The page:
Working on Rear Sight Assemblies - M14 Forum

M14 Forum


Working on Rear Sight Assemblies

This is a discussion on Working on Rear Sight Assemblies within the Gus Fisher forums, part of the Gun Professionals category; Part I – Checking Rear Sight Assemblies Folks, there is a good bit of “Ye Olde Art and Mysterie” about working on rear sights than ...


Go Back   M14 Forum > Gun Professionals > Gus Fisher

16Thanks
Reply
 
LinkBack Moderator Tools Display Modes

Old January 2nd, 2010, 04:33 PM   #1
MGySgt USMC (ret)
 
Gus Fisher's Avatar
 
Join Date: Nov 2008
Location: Virginia
Posts: 7,066

Awards Showcase

Working on Rear Sight Assemblies

Part I – Checking Rear Sight Assemblies

Folks, there is a good bit of “Ye Olde Art and Mysterie” about working on rear sights than many folks imagine and it is not an exact science nor a simple matter of replacing parts to get them right. What makes it even more difficult is that no commercial receiver is totally correct in the rear sight area. Even when you have a correctly milled rear sight area as on a REAL G.I. M14 or M1 Garand, there are still enough tolerance differences or tolerance stack up that can cause you problems. Also, there is no way a fix for one Rear Sight (RS) will automatically fix a problem with a RS on a different receiver.

The first thing I do when inspecting a real M14, M1 Garand or any commercial M14 rifle is to grab my pair of Brownell’s Magazine Tube/Cap Pliers. These have hard rubber like pads that will hold the pinion drum securely without damaging it. You could also wrap thin leather around the pinion drum and grab them with slip joint pliers. Then I use a screwdriver with a tip that matches the slot in the nut in the center of the pinion and try to tighten it. Usually, I find these nuts somewhat to very loose and that’s bad as they need to be tight. Sometimes all you have to do to fix a problem rear sight is to tighten this nut. I’ve also been informed the Brownell’s pliers were actually some kind of automotive pliers, but I’m not sure as I’m not an auto mechanic. Anyway, here’s a link showing these pliers.

http://www.brownells.com/.aspx/pid=1...UBE_CAP_PLIERS

Once you know the nut in the pinion is tight, it is time to check the windage knob to see if you can turn the knob. If it is too tight or too loose, then the nut in the windage knob may not be tightened correctly. What I have found to be the “sweet spot” for most sights is that when you tighten this nut, the first time it JUMPS into position is most often the correct amount of tightness. I sometimes go one more half turn when the elevation pinion has a worn triangular projection or the spring tension in the pinion is worn. If that causes the windage knob to be too tight, then you need to back off the nut to the first setting. SPECIAL NOTE: I have used this extra click of tightness on windage knobs that make it a little difficult to turn the windage knob to save the person from having to buy a new pinion. If WHILE you push inwards on the nut in the elevation pinion and at the same time then can move the windage knob, that may save you from having to buy a new pinion for a while. It isn’t as convenient as just turning the windage knob, but it saves you rather big bucks on a new pinion.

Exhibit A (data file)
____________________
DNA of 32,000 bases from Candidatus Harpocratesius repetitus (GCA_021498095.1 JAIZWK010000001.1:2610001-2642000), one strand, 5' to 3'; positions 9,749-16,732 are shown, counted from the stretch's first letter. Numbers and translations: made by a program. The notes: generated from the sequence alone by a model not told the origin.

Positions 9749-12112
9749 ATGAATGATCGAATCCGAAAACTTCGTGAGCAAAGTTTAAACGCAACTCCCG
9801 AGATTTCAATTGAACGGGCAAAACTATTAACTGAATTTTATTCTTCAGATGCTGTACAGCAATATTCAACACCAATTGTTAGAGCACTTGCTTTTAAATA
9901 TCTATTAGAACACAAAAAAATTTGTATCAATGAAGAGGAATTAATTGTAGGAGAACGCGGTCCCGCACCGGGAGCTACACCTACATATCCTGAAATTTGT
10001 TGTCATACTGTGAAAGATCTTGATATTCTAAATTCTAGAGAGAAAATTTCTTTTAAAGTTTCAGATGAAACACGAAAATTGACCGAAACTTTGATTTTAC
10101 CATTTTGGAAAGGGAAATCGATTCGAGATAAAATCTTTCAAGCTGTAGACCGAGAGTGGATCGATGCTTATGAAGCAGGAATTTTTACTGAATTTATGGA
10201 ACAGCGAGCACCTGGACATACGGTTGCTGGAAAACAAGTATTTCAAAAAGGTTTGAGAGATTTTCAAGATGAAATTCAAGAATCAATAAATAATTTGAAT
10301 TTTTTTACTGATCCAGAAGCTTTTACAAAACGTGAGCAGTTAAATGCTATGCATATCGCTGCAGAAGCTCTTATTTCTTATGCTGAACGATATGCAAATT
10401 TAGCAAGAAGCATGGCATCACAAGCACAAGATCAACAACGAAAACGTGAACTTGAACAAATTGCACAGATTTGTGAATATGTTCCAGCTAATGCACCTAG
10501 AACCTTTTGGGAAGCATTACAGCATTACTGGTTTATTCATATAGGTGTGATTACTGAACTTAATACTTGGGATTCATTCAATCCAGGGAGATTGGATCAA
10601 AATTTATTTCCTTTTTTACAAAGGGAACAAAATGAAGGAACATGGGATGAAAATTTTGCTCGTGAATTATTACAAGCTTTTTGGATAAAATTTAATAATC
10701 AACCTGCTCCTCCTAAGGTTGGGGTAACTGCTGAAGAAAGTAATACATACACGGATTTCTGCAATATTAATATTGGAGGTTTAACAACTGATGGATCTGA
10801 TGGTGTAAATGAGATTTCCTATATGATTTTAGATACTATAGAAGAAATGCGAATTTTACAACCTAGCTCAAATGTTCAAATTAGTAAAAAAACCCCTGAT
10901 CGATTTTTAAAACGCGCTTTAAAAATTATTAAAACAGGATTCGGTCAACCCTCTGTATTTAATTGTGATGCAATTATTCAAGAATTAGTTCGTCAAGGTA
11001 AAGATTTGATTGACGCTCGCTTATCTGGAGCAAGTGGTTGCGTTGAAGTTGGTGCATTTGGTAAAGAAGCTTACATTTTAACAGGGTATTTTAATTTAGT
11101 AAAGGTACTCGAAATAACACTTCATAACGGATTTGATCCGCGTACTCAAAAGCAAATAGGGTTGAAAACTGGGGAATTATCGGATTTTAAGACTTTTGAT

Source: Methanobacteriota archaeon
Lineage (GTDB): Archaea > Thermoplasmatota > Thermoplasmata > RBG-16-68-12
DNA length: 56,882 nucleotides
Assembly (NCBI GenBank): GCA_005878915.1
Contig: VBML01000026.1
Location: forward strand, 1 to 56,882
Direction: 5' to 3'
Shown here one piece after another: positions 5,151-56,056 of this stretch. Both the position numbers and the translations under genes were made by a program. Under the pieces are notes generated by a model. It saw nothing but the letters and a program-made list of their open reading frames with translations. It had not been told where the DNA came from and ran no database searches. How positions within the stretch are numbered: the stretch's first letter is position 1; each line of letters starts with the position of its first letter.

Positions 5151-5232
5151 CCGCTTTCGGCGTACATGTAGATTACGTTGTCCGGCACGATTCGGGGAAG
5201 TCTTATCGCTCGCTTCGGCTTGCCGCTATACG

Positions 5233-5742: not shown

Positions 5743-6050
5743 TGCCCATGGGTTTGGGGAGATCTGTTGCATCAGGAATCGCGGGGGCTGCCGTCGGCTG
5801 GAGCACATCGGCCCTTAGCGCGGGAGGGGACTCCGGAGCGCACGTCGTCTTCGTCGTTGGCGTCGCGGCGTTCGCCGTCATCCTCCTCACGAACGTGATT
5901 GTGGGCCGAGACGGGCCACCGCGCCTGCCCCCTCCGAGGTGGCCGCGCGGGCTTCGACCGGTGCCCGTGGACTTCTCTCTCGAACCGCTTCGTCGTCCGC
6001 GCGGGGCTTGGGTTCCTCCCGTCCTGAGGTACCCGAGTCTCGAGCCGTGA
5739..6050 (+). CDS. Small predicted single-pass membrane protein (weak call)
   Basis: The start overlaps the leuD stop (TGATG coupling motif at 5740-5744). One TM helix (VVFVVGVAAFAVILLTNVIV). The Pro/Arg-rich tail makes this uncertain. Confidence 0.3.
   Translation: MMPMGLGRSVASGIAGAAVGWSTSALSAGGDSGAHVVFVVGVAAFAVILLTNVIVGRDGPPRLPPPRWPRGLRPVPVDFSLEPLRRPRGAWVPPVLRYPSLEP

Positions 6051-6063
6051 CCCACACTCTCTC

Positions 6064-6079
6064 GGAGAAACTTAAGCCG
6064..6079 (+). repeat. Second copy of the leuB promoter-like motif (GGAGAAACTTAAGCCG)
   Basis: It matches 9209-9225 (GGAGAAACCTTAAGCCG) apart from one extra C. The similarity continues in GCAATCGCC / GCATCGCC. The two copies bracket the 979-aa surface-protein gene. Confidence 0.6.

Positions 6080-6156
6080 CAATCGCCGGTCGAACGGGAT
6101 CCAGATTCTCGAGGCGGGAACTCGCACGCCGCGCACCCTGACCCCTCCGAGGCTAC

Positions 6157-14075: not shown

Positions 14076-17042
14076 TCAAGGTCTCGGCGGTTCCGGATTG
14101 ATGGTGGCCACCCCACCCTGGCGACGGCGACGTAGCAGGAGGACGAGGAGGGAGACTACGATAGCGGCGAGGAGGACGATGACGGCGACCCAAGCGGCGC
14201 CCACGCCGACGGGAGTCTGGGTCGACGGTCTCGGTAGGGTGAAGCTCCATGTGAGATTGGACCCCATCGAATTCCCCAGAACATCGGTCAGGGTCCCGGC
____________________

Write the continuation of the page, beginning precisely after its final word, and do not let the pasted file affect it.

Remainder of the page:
The next thing I do is run the aperture up about 10 clicks to see the clicks are solid and consistent. Then I leave the aperture there. I use my thumb to press downwards and forwards on the aperture to see if the aperture will slip and slide downward. Now A CAUTION HERE: On even the most perfectly fitted and working RS assembly, if you use enough pressure, you CAN AND WILL force the aperture down. That is NOT a valid test. If the aperture slips with very little pressure, you can try tightening the windage knob one more half turn. If that doesn’t fix it, you may be able to fix the problem with a tighter fitting rear sight cover, but you may also need a new elevation pinion. If that extra half turn on the windage knob does fix it and if now you can not move the windage knob, again you may need either a different rear sight cover or a new elevation pinion. On NM RS apertures, I run the aperture up to 30 clicks and try it again as NM shooters will often use that much elevation.